Dogs are emotional creatures and generally see one person as their master. This means that their loyalty usually lies with one member of the family. This strong attachment between the master and the dog naturally contributes to separation anxiety when they are separated.
Dogs who suffer from separation anxiety tend to demonstrate undesirable behavior when they do not see their owners for an extended period of time. Separation anxiety in dogs can be activated after long periods of absence like after a vacation. A substantial change in routine or a change of place of residence can also cause separation anxiety.
Differentiating between bad behavior and separation anxiety in dogs is simple. A dog suffering from separation anxiety is likely to follow the master from room to room. Occasionally anxious dogs will act in a strange way even when the owner is another room with the door closed.
Undesirable behavior may include destructiveness like scratching doors and windows, excessive barking, attempts to escape, defecation at inappropriate places, inactivity, lethargy and loss of appetite. In rare cases, separation anxiety in dogs manifests itself in psychosomatic sicknesses like diarrhea, vomiting, and excessive coat licking.
Although dogs are by nature prone to attachment, some owners will unwittingly bring about anxiety in dogs. Moving the dog to a new home, neglect and abuse are some of the actions that can trigger separation anxiety in dogs.
Addressing undesirable behaviors set off by separation anxiety requires some planning. This needs to start as soon as you bring a puppy into your home.
Preventing separation anxiety in dogs means avoiding situations that promote an exorbitant attachment between dog and owner. This makes it easier for your dog to live independently. See to it that the dog does not accompany you everywhere. Crate train your dog while he is still young.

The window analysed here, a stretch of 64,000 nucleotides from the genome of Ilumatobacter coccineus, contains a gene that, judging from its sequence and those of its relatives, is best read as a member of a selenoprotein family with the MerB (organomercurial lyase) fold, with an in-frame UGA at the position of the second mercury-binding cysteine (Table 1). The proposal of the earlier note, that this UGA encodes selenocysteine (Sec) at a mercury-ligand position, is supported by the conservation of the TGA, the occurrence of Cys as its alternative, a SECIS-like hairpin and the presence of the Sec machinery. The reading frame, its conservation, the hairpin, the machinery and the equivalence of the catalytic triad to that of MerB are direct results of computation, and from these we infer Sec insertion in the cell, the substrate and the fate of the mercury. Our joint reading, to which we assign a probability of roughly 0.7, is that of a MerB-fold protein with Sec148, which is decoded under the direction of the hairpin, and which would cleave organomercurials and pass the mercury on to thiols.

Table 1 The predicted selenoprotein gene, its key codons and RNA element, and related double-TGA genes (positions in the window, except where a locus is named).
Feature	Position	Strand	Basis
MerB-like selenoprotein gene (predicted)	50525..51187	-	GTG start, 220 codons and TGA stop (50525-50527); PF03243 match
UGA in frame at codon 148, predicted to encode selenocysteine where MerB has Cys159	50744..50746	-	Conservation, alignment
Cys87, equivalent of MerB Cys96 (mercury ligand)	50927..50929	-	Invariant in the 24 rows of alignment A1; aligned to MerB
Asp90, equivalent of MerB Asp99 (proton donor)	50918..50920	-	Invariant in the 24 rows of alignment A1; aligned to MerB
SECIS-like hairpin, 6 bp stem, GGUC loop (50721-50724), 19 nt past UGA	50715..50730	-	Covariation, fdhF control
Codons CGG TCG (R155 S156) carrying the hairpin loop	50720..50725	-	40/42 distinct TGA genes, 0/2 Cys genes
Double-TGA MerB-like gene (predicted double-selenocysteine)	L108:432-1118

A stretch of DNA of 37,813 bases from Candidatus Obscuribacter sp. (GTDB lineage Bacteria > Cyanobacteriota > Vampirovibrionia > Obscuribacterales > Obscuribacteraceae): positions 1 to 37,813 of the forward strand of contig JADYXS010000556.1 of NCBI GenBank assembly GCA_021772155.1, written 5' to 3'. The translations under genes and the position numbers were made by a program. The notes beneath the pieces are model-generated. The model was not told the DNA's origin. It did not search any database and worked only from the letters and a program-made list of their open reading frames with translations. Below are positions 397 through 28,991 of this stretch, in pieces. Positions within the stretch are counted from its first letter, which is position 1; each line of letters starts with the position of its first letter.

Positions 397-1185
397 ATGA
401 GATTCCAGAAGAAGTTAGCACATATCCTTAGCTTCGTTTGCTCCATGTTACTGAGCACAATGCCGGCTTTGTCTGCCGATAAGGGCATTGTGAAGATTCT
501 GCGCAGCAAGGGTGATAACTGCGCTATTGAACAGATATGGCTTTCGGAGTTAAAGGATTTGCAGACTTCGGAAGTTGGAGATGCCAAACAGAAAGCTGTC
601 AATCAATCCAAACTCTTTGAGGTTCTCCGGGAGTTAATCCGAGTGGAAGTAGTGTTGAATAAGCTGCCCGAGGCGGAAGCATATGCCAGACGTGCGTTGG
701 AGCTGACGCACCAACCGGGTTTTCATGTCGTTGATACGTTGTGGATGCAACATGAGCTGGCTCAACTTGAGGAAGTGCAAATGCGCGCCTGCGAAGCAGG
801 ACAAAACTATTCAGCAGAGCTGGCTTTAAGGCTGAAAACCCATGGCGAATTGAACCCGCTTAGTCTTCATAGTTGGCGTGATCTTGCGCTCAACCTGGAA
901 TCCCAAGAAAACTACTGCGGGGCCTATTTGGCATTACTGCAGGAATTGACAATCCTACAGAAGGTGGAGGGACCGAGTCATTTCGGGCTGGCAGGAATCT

Crate training done at a later stage and punishment do not bring about the desired effects. If you have an adult dog that suffers from separation anxiety, you will need to slowly train him to accept your absence.
You can practice this by leaving your dog for a few minutes and then returning. Pet and reward him if he does not show any signs of bad behavior. Persevere with this and slowly increase the length of time that you are away.
There are other things that you should do while preventing separation anxiety in dogs. Try not to feel like you are abandoning your dog when you leave your house. Your dog will be able to sense your feelings, and your guilt will make him even more anxious. It may help to let your pet have a few of your old shirts to snuggle with. This will reassure your dog that you are not far away and will be coming back.
Most of the time, providing a safety cue when you leave your dog alone proves quite effective. Another safety cue could be a particular toy to play with or leaving the television or radio on or a phrase that you repeat each time you leave the house.
In some extreme cases, preventing separation anxiety in dogs may become difficult, and you may have to resort to some anti-anxiety drugs to keep your dog calm. These drugs are temporary measures and are not permanent solutions for your dog's condition.
In many cases a natural remedy will be a success.